US News & World Report has recently announced significant changes to its law school rankings that have been widely accepted by numerous top law schools. US News will now put less weight on reputational surveys completed by deans, faculty, lawyers, and judges and will no longer take into account per-student expenditures that favor the wealthiest schools.
The changes also include counting graduates with school-funded public-interest legal fellowships or those who go on to additional graduate programs the same as they would other employed graduates. US News was pressured to re-evaluate its rankings system after 12 top-rated law schools said they wouldn’t provide the publication with any additional information.
In response to the pressure, US News held several meetings with more than 100 deans and other law school administrators, and the changes are planned to be implemented next year.
The changes to the law school rankings system come as a welcome surprise to many, as it appears that US News is taking the necessary steps to ensure its rankings are more accurate and meaningful. By removing the emphasis on per-student expenditures, the rankings will be fairer to schools that may have fewer financial resources than their wealthier counterparts. In addition, by counting graduates with school-funded public-interest legal fellowships or those who go on to additional graduate programs the same as employed graduates, the rankings will more accurately reflect the value of a school’s education.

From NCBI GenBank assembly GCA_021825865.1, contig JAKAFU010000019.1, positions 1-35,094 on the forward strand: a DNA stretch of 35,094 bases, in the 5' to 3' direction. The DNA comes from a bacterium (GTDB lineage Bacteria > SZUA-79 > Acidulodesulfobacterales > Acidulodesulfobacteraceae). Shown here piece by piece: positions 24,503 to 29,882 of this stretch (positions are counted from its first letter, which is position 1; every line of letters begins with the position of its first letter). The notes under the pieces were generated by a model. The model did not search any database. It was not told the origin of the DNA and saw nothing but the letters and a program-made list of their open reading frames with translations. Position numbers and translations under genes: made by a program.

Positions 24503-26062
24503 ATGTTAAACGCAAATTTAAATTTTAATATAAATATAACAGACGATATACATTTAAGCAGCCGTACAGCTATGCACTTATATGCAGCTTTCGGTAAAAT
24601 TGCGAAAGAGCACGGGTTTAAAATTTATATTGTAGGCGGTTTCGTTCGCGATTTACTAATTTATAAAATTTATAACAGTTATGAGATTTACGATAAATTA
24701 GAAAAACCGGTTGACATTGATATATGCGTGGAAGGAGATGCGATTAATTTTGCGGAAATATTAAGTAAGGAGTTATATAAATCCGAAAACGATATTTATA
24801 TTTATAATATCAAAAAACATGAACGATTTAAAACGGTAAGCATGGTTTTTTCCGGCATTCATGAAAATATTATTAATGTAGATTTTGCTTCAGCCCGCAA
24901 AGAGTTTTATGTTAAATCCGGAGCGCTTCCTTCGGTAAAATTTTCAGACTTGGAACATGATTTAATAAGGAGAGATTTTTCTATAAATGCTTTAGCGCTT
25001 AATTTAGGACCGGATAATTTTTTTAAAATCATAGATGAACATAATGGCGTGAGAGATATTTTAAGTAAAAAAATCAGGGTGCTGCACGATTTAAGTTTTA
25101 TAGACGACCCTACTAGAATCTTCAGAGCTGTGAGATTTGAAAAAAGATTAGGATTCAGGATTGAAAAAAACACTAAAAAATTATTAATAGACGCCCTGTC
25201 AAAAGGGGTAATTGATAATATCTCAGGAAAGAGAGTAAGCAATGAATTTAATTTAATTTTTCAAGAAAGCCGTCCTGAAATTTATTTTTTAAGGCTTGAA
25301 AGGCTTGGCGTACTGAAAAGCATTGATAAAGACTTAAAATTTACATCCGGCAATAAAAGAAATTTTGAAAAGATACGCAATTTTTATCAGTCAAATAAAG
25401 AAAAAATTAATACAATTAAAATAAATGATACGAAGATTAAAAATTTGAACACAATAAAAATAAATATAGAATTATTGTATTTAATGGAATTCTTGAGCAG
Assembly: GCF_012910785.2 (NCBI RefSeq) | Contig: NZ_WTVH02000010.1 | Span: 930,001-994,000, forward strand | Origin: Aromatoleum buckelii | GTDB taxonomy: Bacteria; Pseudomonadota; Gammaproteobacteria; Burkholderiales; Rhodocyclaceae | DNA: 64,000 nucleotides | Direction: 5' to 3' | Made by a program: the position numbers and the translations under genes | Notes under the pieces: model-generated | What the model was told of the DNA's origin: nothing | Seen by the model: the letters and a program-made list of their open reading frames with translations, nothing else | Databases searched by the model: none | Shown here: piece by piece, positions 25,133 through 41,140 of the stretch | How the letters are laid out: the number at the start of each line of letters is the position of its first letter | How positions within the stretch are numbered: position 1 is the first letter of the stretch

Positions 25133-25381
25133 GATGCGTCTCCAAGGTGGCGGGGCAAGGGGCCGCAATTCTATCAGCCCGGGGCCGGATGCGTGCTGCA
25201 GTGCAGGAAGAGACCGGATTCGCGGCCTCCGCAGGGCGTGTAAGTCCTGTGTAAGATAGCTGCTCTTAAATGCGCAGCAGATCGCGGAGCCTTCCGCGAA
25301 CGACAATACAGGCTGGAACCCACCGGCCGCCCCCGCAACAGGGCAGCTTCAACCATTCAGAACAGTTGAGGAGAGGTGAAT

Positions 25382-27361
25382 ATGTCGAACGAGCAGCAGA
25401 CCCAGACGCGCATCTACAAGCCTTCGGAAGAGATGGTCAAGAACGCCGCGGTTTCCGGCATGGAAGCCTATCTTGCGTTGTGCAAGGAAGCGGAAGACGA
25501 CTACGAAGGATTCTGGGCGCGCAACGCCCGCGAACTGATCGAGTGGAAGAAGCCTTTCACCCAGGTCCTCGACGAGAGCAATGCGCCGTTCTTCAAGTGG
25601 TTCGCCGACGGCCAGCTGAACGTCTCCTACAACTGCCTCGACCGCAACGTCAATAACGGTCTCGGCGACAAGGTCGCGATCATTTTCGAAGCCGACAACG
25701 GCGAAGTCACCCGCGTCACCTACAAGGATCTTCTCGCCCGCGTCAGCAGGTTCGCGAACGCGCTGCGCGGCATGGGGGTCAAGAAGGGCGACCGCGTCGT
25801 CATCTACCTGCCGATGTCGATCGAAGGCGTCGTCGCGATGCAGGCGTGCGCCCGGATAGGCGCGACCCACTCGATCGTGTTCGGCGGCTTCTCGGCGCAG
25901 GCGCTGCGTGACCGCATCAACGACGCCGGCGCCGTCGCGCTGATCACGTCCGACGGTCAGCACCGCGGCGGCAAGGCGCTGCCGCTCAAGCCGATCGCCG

Overall, the changes to US News’ law school rankings signify a shift in the industry towards a more equitable system of ranking and assessing the value of an education. The revamp is assumed to be beneficial for both prospective students and the law schools themselves, as it will provide a better understanding of the true value of an education.